They can be useful, life-saving and tasty!
Explosions have been put to a range of purposes – some which are very useful and feature in our everyday lives. Every time you get a lift somewhere, remember that explosions (better known as combustion) are what’s helping you on your way. Almost all modern car engines use something called a ‘four-stroke combustion cycle’ to convert petrol into motion. If you're ever unlucky enough to be in a car accident, a carefully controlled explosion could save you in the form of airbags. When the airbag circuit is triggered, this generates an electric current which then ignites a chemical explosive (Sodium Azide). As the explosive burns, it creates Nitrogen gas, which floods into nylon bags packed behind the steering wheel and dashboard of the car. Air bags cushion some of the impact from a crash and help reduce injuries – potentially saving many people’s lives. And last but not least, popcorn is a result of a series of mini-explosions that turn the hard kernels into the airy puffs of corn that we know and love!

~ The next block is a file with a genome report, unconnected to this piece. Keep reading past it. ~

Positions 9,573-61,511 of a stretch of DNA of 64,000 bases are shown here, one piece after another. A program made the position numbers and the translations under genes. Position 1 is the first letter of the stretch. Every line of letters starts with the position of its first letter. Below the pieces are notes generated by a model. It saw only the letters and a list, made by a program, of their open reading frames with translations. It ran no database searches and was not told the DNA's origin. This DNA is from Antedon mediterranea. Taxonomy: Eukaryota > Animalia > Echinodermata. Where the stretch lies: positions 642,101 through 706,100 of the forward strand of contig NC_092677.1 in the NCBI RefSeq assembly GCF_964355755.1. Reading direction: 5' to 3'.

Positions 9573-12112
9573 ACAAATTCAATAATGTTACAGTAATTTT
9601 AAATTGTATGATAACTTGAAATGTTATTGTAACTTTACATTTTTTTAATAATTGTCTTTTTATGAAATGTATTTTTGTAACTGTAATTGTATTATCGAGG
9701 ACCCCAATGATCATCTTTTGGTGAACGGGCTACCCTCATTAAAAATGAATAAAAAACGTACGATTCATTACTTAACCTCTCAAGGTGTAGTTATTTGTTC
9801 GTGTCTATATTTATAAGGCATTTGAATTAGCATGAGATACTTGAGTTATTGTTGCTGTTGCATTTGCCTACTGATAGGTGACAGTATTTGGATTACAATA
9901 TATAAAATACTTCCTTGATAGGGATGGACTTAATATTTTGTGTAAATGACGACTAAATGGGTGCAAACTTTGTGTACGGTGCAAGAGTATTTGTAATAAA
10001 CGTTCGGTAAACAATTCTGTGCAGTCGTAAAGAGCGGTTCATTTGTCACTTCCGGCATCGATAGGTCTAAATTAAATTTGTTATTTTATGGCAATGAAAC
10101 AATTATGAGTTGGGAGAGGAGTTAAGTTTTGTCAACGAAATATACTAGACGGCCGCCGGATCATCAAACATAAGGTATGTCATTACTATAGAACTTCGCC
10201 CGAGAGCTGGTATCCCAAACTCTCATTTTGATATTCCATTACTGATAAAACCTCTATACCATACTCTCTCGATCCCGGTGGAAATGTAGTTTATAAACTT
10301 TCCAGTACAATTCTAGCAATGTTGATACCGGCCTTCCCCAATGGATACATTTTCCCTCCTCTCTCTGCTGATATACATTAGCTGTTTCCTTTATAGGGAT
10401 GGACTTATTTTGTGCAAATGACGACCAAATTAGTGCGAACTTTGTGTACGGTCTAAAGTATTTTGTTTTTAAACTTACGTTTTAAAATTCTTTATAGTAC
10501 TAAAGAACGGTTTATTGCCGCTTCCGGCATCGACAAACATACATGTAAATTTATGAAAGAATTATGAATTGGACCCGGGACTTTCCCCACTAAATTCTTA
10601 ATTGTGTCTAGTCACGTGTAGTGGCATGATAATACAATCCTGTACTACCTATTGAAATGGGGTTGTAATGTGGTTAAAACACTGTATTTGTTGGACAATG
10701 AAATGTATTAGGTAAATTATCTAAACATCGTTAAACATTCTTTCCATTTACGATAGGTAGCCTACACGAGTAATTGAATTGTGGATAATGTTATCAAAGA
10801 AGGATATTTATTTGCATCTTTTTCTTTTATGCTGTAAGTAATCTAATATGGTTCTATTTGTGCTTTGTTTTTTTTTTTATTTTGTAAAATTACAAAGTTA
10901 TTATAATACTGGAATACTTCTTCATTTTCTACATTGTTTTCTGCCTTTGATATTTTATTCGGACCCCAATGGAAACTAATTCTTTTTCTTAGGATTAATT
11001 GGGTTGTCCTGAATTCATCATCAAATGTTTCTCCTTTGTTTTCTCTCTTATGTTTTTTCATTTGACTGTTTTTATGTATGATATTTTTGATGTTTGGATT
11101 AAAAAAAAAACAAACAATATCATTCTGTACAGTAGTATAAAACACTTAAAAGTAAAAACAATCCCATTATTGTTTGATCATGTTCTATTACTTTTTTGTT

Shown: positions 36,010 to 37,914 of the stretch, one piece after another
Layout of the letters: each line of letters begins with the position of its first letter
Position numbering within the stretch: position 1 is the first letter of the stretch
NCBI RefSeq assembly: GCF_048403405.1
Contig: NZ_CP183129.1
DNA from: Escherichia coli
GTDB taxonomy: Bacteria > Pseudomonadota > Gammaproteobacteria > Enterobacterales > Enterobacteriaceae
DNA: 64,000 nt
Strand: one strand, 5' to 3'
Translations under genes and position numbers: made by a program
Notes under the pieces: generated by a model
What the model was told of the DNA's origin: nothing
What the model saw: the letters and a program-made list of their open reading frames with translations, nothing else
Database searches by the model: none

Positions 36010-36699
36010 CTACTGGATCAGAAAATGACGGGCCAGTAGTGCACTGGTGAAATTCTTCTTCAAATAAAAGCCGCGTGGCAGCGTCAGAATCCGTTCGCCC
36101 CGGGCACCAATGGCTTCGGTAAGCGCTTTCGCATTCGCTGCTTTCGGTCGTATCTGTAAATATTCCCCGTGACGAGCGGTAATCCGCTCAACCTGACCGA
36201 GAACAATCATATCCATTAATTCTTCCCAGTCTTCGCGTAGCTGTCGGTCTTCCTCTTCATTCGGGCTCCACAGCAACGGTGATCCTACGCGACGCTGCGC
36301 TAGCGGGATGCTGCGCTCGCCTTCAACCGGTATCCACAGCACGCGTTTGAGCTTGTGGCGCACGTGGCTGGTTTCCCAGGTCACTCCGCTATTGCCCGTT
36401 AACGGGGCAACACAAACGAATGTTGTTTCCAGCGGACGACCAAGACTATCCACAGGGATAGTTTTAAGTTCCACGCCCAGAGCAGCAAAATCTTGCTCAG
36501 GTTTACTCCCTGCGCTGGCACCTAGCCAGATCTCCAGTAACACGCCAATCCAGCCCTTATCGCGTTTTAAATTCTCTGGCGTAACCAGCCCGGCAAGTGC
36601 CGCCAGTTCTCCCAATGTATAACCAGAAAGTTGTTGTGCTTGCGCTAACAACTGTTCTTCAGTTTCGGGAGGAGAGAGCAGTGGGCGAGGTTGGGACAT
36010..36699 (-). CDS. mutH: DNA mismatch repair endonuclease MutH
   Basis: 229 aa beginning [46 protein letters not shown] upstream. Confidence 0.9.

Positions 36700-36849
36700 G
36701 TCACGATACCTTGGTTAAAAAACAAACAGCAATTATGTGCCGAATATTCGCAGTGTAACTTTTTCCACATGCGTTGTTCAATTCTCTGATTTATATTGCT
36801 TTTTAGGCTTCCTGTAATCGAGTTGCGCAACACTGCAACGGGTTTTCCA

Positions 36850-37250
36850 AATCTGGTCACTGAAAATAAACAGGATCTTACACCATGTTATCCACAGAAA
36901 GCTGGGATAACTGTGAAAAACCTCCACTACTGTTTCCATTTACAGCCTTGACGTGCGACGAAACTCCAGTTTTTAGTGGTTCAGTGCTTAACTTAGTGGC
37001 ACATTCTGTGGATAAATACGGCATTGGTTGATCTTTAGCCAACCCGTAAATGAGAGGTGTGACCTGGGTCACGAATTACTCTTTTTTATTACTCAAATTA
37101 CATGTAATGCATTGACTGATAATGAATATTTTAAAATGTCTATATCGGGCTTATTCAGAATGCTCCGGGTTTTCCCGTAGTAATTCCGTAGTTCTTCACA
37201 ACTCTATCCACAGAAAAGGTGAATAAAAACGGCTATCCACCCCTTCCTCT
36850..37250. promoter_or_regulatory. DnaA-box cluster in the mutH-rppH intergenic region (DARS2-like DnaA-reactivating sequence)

Nature can be explosive
Not all explosions are man-made. Planet Earth can pack an equally as powerful and frightening punch. Volcanoes have proven this for centuries. In fact, the biggest volcanic eruption ever recorded took place in April 1815 when Indonesia’s Mount Tambora blew its top, sending molten rock 25 miles up into the air. The resulting lava flows and tsunamis killed more than 60,000 people. Don’t mess with Mother Nature!